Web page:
So I’m fully prepared for a fall out on this one but bare with me because it is personal. In the 9 years it took to get a diagnosis on AS (ankylosing spondylitis) I have seen 3 physios (plus lots of other professionals). 1 local NHS (ordered an x-ray, never touched me), 1 private (mix of assessment, exercise modifications and manual treatment) and 1 from the hospital (only talk). Guess which one actually helped??

A physio who is not prepared or equipped to offer assessment, advise AND hands on therapy in my opinion is not helpful and I’ll tell you why; NONE of them will admit that exercises can only get you so far with chronic conditions like mine. There is no silver bullet, there is no magical plank time that, once reached, the back pain will be forever banished! You absolutely need a mixture of care and relief, even if it’s temporary, so, prescribe all you like but give people a bit of a squeeze at their appointments too! One of the most powerful things I have heard from my doctor is “look, I get it, the prospect of living another 40 years like this is pretty terrifying”- truth is appreciated. Help people navigate maintenance and stop spouting off in general terms about “pain” like it’s all the same and can be remedied. Now, of course, not exercising is just not an option and I would never dream of telling people not to bother. I genuinely would not be walking around right now if I did not have my own rehab-based Pilates practice, but I have developed this ON MY OWN. On discharge from hospital in a wheel chair in 2018 I was left to my own devices with nothing but a pair of crutches, so thank god for upper body strength and my ability to pay for private care when I could get out the house (2 months later!).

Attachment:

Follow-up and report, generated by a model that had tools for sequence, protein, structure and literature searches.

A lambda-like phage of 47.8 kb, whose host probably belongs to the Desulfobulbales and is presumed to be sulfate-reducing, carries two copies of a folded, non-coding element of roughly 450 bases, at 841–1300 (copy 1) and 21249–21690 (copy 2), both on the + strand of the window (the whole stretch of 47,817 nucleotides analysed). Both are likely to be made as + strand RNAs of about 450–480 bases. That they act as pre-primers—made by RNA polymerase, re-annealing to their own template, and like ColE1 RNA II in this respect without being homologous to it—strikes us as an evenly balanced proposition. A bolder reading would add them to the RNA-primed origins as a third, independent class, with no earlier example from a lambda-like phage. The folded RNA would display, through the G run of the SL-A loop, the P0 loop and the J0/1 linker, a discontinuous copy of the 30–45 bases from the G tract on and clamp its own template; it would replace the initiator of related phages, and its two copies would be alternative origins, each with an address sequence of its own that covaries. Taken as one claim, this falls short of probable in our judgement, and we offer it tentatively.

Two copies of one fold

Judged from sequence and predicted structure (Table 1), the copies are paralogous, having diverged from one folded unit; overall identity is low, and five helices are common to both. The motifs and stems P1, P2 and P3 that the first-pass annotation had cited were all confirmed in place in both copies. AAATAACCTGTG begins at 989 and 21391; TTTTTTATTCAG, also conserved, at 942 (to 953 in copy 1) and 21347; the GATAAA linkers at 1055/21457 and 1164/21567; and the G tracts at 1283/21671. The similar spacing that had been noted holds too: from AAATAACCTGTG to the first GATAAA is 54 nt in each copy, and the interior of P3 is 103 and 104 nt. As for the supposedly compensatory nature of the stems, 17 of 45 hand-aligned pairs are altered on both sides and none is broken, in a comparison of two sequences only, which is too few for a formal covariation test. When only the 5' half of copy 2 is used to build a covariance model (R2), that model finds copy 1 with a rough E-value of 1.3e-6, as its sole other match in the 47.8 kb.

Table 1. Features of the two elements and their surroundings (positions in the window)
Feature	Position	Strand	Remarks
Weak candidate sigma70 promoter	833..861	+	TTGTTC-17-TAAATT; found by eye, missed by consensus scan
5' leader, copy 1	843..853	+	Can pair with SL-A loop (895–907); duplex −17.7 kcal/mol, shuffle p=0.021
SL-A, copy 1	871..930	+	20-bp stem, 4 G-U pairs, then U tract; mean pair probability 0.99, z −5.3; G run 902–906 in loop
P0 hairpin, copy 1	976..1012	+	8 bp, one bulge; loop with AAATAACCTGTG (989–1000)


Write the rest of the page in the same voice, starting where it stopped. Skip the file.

It’s Therapy Live tomorrow, an annual expo featuring lots of therapists giving talks on all things rehab. I have chosen not to attend this year for 2 reasons, 1; women are woefully underrepresented and 2; a lot of the speakers are the ones who shout loudest on Twitter getting into spats over straw man arguments. I recently purchased a booklet from someone I did admire in the rhelm of rheumatology but was SO disappointed when it arrived. It was a thin hand-out, 5 pages of easily googleable bullet points and contained incorrect information. I was furious, and the only reply was an offer to return it. I’m sure many women let their imposter syndrome keep them from speaking more at such events but all this really shone a light at what some people feel is OK